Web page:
The Lifecycle of a ZK Proof

Over the last few blog posts, we’ve covered the fundamental math and cryptography concepts underlying zero-knowledge proofs (ZKPs). Now, we’ll see how they all fit together in the ZKP system.

So, if you haven’t read the previous posts, you’ll want to do that first. Here’s what you need to know:

Let’s get started.

The Architecture of a Zero-Knowledge Proof System

Here’s a diagram of how ZKPs are constructed. Take it all in! We’ll break down each part over the next few sections.

Construction of ZKPs

1. Computation

Let’s revisit the definition of a zk-SNARK. The goal is to let a prover prove they know a secret input, w, without revealing w. To do this, we write a program that takes in the secret input along with other parameters and then generates an output that we can check against our expected output.

ZKP Flow

In short, we must be able to check the program’s output without revealing anything about the secret input. The first step of creating a proof system is defining this program. In our case, we’ll assume a very simple scenario:

Peggy (the prover) wants to prove to Victor (the verifier) that she knows some value w, which, when squared and doubled, equals 50. We can convert this scenario into a program:

2(w2) == 50;2*(w^2) \text{ == } 50;

The program returns true if 2(w2)2*(w^2) equals 50.

Now, this program is great, but we can’t really do much with it as it is. To generate a “proof,” we need to convert this program into something math-friendly. After all, a proof is a mathematical object, as we discussed in a previous post. This leads us to the next step: arithmetization.

2. Arithmetization

Arithmetization is the process of converting a program, which may contain arbitrarily complex statements and expressions, into a sequence of statements taking one of two forms:

x=yx = y

x=y[operator]zx = y [operator] z

The operator can be addition or multiplication. So, we’re essentially taking the program and “flattening” it into a series of statements.

You can think of each statement as logic gates in a physical circuit.

Logic Gates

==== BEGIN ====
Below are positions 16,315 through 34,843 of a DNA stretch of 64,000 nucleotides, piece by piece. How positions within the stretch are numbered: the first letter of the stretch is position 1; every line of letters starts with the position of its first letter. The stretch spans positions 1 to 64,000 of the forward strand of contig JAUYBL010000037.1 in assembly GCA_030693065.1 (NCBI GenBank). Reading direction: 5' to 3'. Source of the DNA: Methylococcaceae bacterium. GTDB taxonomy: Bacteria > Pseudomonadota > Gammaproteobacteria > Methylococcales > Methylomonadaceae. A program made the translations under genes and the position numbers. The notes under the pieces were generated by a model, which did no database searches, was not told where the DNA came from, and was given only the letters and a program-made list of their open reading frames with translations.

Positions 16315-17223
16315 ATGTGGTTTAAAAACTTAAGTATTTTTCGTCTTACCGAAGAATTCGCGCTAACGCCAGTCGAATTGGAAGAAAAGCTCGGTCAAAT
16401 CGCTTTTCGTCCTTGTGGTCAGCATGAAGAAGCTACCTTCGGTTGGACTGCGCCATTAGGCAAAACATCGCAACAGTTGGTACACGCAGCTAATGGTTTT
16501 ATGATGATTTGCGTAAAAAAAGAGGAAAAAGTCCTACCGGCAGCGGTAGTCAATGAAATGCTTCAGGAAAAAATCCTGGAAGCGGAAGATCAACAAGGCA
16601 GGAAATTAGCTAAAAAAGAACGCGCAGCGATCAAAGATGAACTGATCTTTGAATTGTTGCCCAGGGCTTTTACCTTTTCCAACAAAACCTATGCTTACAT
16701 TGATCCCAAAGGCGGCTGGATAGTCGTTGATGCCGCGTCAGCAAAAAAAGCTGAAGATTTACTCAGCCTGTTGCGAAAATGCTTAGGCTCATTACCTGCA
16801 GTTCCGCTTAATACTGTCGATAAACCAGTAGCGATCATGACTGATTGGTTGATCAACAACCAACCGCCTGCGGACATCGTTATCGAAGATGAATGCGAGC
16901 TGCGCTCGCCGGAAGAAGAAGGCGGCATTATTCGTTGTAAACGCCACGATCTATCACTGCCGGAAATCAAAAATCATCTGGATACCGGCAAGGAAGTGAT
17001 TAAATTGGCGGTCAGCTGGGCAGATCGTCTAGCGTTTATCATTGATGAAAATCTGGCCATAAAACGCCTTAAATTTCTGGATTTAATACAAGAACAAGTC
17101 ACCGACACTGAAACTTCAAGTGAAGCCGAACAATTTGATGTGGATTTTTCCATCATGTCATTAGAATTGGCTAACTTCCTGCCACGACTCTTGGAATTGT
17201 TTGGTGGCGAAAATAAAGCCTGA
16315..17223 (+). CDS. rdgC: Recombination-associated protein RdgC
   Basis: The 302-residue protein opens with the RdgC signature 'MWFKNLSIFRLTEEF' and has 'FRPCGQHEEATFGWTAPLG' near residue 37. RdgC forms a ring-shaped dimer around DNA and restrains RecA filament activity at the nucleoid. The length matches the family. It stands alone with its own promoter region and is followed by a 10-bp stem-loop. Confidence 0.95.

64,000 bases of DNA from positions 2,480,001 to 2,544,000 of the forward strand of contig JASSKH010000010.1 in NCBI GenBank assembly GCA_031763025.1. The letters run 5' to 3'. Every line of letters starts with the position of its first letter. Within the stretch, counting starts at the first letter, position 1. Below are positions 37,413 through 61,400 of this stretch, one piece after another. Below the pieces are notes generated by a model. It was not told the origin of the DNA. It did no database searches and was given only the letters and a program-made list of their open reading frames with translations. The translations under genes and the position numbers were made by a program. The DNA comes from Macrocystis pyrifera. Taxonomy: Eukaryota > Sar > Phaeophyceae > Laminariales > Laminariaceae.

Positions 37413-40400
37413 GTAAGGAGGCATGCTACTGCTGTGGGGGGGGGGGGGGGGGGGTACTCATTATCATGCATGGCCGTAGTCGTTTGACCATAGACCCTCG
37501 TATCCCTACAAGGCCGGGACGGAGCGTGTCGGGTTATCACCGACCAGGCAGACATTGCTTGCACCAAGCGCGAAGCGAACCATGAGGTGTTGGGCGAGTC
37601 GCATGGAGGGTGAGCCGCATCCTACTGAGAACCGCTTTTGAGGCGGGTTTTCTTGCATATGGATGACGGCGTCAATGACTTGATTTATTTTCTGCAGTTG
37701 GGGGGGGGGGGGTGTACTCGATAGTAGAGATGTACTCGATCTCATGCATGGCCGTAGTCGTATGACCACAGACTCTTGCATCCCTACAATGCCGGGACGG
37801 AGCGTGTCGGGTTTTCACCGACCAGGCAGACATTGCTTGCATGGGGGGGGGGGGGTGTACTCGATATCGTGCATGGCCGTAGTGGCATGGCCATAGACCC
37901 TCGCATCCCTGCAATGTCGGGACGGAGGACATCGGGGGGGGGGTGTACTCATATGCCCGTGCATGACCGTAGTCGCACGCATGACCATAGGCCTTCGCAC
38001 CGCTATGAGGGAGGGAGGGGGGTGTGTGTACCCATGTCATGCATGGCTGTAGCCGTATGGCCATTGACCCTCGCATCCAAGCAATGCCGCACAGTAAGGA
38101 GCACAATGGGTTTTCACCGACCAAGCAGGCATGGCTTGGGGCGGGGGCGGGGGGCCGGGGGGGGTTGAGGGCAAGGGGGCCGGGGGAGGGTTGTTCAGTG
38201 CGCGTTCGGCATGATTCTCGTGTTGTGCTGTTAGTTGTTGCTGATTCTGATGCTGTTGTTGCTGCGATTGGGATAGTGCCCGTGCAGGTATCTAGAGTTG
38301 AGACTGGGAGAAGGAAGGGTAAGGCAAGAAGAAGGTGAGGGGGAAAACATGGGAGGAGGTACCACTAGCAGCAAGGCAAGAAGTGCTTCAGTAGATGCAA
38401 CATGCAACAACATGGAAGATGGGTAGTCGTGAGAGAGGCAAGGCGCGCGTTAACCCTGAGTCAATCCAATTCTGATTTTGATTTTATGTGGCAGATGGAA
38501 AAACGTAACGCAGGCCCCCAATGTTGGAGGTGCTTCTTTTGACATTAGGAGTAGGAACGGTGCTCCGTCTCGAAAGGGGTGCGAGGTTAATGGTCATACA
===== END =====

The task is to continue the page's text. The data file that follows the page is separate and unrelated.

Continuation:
Notice how each gate has two inputs and an output. Depending on the type of gate, the two inputs will be transformed into some output. For example, an AND gate with two inputs of 1 and 0, the output would be 0.

Similarly, we take the original program we defined in the computation step and turn it into a series of consecutive “gates.” This is called “flattening” because you’re literally flattening out the original program into logic gates.

Why do we do this? Because it lets us turn our program into a series of “constraints” that must be met. After all, a gate is simply an object that lets us define two inputs and the expected output. So, each “gate” represents a constraint, and the series of gates is a “circuit.”

Let’s put this into action. Using our example from above, we can envision the gates like this:

out1=wwout_1 = w * w

out2=out12out_2 = out_1 * 2

output=out250output = out_2 - 50

Once we convert our program into constraints, we can formulate a “Circuit Satisfaction Problem”, which we’ll describe next!

3. Circuit Satisfaction Problem

So, we just figured out how to define a set of constraints. Now, we need to ensure that those constraints are being met. This will let us check whether or not the output is what Peggy claims it is.

Enter: the circuit satisfaction problem (CSP)! Think of it like a mathematical object where the state of the object must satisfy several constraints. We’re simply checking that the constraints are met by turning our circuit into a math problem.

How does that work? Well, to create a CSP, we just take the circuit we defined in the last step and turn it into a polynomial. Using polynomials, we can check if all the constraints are being met — no matter how many there are! This is made possible by boiling them down into a polynomial equation, so we can check if they’re being met all at once.

Pretty neat, huh?

Going back to our example above, here’s what it looks if we convert our constraints into a CSP:


out1=wwout_1 = w * w

out2=out12out_2 = out_1 * 2

output=out250output = out_2 - 50


Symbols:[ one,w,out1,out2,output]Symbols: [~one, w, out_1, out_2, output]

Gate #1

a=[0,1,0,0,0]\vec{a} = [0, 1, 0, 0, 0]

b=[0,1,0,0,0]\vec{b} = [0, 1, 0, 0, 0]

c=[0,0,1,0,0]\vec{c} = [0, 0, 1, 0, 0]

Gate #2

a=[0,0,1,0,0]\vec{a} = [0, 0, 1, 0, 0]

b=[2,0,0,0,0]\vec{b} = [2, 0, 0, 0, 0]

c=[0,0,0,1,0]\vec{c} = [0, 0, 0, 1, 0]

Gate #3

a=[1,0,0,0,0]\vec{a} = [1, 0, 0, 0, 0]

b=[50,0,0,1,0]\vec{b} = [-50, 0, 0, 1, 0]

c=[0,0,0,0,1]\vec{c} = [0, 0, 0, 0, 1]

s=[1,5,25,50,0]\vec{s} = [1, 5, 25, 50, 0]

a1=[A1(1)A2(1)A3(1)A4(1)A5(1)]\vec{a_1} = \begin{bmatrix} A_1(1) & A_2(1) & A_3(1) & A_4(1) & A_5(1) \end{bmatrix}

a2=[A1(2)A2(2)A3(2)A4(2)A5(2)]\vec{a_2} = \begin{bmatrix} A_1(2) & A_2(2) & A_3(2) & A_4(2) & A_5(2) \end{bmatrix}

a3=[A1(3)A2(3)A3(3)A4(3)A5(3)]\vec{a_3} = \begin{bmatrix} A_1(3) & A_2(3) & A_3(3) & A_4(3) & A_5(3) \end{bmatrix}